paul

This is the longest post I have ever seen on GCC.
I like it.

dougning

Me too

sae

IMHO it is prudent to be stingy with usage and generous with early adoption of promising revolutionary technology. HEV and soon PHEV are here to stay, thanks to those who bought it first. Sadly so is the HUMMER(B50? or E85 or Hybrid diesel)-no thanks Arnold! Expect a giant price drop in 2006 in Li batteries and plan accordingly. Early adoption is the only way to have a say on who will do what next. Those of who can should! Ride your bicycle, walk to the market, and pay the $$$ to be at the frontier of PHEV. This in no way contradicts the emergence of "disruptive technologies" hypothesis mentioned above. If anything it creates the roadmap to move the circus on!

KenR

Update on my former post. I contacted Hymotion to see what the outlook was for making this great new product available to the general public (all of us craving for such technology). Their Director of Business Development was kind enough to respond - and stated that they felt that this product "should" become available in the next year or two - at about $5,000 per install. The biggest hold-back seems to be durability testing that they want to do with fleet and government users initially.

Harvey D

Thank you KenR for the information. It seems that PHEVs may be the best short to mid-term solution to break our "fossil oil addiction' and reduce GHGs. A conversion price of $5,000 per unit would be very acceptable to many of us. Cost recovery will depend on the relative price of gas-diesel and ethanol-electricity. If we assume that the North American price for fossil fuels will be closer to the Euroean price and that electricity could remain close to current price, the conversion cost could be recovered in less than 5 years in most cases. With the price of batteries going down and performance going up we should not hesitate to support PHEVs because they seem to be the best solution for the next 10+ years.

wes arnott

how safe are the e-drive and hymotion systems in a collision?

TimW

I'm enjoying reading this thread, thanks.

A concern: While I agree that those that can, should be support EDrive and Hymotion I worry about their long term viability. The
decision by Toyota to offer PHEVs themselves seems pretty small realative to their gamble thus far. Overnight EDrive and Hymotion become redundant. Of course, this is *exactly* what Calcars.org is aiming at but it seems rough on the EDrive and Hymotion folks. And the rich irony is that more support for EDRive and Hymotion only hastens their doom (as does no support of course). Are there examples of goodwill from corporations like Toyota towards little companies that demonstate to them a market, to help them survive?

Finally, if pluggable cars in reverse can power houses, living off grid becomes easier and one of your disruptive consequences maybe flight from cities missing suburbs altogether and cutting towards wilderness, burning refined fossil fuels for electricity.

I pray solar tech cheapens towards mass consumption prices as fast or faster than PHEVS. Now that's eheaven.

t

They have already announted that they think they can get the cost to $5,000 in a year. What fleet owner in their right mind would buy them now?

I agree the dark shadow here is Toyota. As soon as it's clear they are coming into this market, these small guys are toast. Unless, Toyota will just do new cars, in which case maybe there's an upgrade market for awhile. But then, mass acceptance requires confidence, warranties, and companies that will be in the business for the long term future.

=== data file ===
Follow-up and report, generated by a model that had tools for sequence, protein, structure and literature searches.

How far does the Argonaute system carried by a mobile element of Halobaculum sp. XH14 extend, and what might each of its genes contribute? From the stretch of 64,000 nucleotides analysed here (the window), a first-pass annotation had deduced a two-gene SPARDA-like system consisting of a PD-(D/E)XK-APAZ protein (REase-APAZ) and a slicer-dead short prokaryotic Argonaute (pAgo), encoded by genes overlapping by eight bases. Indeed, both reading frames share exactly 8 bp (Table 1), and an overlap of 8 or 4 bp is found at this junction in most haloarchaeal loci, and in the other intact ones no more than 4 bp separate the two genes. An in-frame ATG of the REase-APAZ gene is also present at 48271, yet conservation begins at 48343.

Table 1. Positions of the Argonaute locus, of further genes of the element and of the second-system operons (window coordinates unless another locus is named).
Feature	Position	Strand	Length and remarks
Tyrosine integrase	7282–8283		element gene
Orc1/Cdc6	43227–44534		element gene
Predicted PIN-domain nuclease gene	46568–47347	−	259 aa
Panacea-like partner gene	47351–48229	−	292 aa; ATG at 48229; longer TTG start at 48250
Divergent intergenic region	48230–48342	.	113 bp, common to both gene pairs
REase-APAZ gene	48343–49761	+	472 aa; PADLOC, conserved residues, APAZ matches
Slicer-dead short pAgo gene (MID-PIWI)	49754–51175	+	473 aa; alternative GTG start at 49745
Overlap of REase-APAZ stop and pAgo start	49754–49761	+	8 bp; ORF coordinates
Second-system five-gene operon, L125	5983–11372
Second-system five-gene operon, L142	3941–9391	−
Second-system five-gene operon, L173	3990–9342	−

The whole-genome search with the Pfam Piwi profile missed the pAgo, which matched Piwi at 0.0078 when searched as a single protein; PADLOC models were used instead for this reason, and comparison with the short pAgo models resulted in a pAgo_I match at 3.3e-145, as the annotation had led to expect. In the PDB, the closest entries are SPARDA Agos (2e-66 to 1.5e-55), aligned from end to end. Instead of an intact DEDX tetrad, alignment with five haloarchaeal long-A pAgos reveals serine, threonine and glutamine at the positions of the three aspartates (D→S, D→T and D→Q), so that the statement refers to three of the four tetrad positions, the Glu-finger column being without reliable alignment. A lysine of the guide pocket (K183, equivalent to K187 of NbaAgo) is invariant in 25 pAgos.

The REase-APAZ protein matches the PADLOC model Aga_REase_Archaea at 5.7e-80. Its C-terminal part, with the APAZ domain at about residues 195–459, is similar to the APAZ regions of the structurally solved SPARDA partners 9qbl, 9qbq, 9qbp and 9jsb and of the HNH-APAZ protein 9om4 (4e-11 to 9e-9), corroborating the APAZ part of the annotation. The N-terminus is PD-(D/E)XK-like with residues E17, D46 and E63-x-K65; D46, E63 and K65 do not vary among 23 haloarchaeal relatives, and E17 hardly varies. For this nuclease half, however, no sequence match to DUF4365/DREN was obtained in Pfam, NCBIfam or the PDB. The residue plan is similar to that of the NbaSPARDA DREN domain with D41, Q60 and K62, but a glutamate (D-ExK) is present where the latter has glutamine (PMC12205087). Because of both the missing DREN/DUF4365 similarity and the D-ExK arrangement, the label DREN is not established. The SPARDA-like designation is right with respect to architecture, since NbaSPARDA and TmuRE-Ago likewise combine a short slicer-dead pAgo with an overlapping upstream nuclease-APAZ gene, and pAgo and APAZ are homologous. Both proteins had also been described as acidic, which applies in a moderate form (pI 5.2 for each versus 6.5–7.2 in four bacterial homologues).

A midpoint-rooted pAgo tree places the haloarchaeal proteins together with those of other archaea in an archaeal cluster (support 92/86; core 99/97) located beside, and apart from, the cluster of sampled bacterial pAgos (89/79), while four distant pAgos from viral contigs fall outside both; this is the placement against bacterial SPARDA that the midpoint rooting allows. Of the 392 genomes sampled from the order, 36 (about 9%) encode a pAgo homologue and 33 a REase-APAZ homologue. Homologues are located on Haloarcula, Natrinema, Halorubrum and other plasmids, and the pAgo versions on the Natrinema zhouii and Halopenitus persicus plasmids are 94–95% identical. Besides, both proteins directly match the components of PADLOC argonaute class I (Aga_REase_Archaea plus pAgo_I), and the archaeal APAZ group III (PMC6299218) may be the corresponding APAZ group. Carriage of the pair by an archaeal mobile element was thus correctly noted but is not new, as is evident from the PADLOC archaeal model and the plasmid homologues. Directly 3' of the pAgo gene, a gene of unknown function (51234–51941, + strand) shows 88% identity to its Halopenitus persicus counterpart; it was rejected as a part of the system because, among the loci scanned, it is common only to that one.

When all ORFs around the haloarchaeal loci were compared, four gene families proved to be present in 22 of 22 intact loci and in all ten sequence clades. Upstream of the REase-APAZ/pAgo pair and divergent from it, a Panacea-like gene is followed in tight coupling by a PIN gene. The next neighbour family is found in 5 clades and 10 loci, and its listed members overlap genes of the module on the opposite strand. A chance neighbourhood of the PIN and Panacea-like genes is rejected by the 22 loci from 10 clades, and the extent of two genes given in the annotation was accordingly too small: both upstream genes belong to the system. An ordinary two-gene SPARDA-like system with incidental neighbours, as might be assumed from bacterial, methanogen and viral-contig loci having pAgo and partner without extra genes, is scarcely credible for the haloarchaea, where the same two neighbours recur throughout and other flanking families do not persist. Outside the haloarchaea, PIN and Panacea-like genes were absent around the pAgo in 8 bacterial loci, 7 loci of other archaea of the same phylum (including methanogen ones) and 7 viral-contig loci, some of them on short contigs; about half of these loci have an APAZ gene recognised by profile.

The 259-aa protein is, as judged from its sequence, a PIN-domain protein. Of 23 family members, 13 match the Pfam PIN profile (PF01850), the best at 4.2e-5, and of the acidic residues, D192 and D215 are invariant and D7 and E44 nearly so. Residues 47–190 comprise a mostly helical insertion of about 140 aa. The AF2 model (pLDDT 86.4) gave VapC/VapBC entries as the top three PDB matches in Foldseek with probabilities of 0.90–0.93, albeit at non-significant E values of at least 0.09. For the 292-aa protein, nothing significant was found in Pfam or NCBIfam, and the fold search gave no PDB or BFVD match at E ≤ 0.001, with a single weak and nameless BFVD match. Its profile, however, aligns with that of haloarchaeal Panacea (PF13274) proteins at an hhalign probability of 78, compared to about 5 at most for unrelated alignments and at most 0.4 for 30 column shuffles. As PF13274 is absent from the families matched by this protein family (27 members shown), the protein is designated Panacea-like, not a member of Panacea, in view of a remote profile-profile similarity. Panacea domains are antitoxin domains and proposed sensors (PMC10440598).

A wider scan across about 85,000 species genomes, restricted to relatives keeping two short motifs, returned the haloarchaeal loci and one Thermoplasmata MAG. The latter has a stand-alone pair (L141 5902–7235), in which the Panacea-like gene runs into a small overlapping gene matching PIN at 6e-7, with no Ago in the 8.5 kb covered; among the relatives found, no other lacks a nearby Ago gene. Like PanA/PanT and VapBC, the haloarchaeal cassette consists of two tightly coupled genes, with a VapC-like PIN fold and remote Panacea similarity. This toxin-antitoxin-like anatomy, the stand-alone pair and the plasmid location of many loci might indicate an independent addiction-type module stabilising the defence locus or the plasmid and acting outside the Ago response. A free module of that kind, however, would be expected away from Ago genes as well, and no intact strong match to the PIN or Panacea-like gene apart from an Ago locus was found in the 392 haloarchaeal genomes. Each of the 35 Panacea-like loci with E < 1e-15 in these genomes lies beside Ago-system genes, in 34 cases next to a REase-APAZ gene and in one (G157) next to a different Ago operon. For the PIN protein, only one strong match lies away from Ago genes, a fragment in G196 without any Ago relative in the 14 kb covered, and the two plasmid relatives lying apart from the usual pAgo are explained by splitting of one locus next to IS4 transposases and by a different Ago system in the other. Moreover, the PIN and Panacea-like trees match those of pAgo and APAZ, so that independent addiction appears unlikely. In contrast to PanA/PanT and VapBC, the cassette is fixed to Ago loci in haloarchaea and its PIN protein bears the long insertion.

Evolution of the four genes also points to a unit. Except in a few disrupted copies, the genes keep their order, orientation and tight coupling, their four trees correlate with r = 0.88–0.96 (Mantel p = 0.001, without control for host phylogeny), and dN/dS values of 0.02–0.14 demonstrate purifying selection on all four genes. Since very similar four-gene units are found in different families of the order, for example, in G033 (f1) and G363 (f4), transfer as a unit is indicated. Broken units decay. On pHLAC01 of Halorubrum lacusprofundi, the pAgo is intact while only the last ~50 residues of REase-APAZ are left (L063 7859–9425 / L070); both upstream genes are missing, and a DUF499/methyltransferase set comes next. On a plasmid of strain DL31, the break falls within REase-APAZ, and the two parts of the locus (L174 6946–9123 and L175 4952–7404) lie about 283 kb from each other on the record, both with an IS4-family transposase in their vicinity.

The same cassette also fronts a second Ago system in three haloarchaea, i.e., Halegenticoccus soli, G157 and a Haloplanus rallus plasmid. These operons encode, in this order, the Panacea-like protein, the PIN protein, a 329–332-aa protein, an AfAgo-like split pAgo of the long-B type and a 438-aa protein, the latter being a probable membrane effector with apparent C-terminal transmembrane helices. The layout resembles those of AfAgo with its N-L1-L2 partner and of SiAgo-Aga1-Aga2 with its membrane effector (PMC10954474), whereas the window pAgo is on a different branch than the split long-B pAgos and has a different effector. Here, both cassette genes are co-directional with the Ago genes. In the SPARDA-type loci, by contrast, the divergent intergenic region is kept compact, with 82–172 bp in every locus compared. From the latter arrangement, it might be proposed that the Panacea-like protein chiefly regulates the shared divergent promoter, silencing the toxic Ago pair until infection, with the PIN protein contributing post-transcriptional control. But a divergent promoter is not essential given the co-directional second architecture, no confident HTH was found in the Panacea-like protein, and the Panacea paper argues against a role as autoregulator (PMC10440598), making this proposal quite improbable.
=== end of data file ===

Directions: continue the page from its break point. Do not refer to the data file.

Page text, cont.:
On the other hand, despite the Dell's of the world, there is still a bit of a small guy PC market out there. But cars may be different. And, I might add, dangerous.

Weird, that. My "sweet spot" was $5,000 and they say they may meet it.

Carsten

Uumm...Duh? It's E85 not E80 E85!

Richard Meckstroth

There is something missing here. These are just batteries we are charging. With the correct, available AC to DC voltage converter, and maybe a voltage step device, anyone can charge any battery off of either 110 or 220 volts AC that we have in our houses.

I assume the Escape Hybrid battery pack ends up joining several batteries in series to operate at a higher than 220 volt DC level. It still can be done. We only need to know how the engine charges the same battery to figure out how to make a cheap battery charger.

The EDrive and Hymotion kits are fine, professional packages for fleet operators, but there has to be a huge aftermarket low budget option for current HEV owners.

Get back to me by email if you have any insights, suggestions, recommendations.

Scott

www.terrapass.com

Oh, that's so cute. A business specifically designed to collect guilt money. What kind of sucker would fall for this? There's not a single listing on there of where the money goes. That's usually the first clue. You're buying Euro-style paper shuffling. That's it.

The thing that could do some serious good is the development of aftermarket hybridization/ flexfuelization/ PHEV kits for regular vehicles. You know, for those who can't shell out the premium for a new car. Also, boosting production so that those who want to, can buy a hybrid would be great too.

jenelyn

exposure and risk of hybrid electric
vehicle

Everett Crsiar

Has anyone considered using a plug-in hybrid with the new flexible solar panels that could be installed on the automobile roof, hood, and/or trunk lid. For example, the Global Solar’s SUNLINQ with PowerFLEX technology (http://www.aeesolar.com/catPDFs/low/4-Solar_Power-low.pdf) is a flexible, fold-able and durable solar product that produces enough power to charge a lithium-ion battery system. Each 25 Watt panel is 25 X 41" and is only .03" thick. You should be able to get at least 4 panels installed on almost any automobile - producing at least 100 watts of charge. Cost would be around $1200 for 4 panels.

jackc

Inexpensive ($600/KW) safe Lithium-Ion batteries are available on ebay.

http://cgi.ebay.com/ws/eBayISAPI.dll?ViewItem&rd=1&item=190265954129

Matt

Just convert your car to a hho water hybrid. I have seen many hybrid kits across the web for about $500 bucks. It is a more efficient way to save money. I found some on http://www.convert2hybrid.com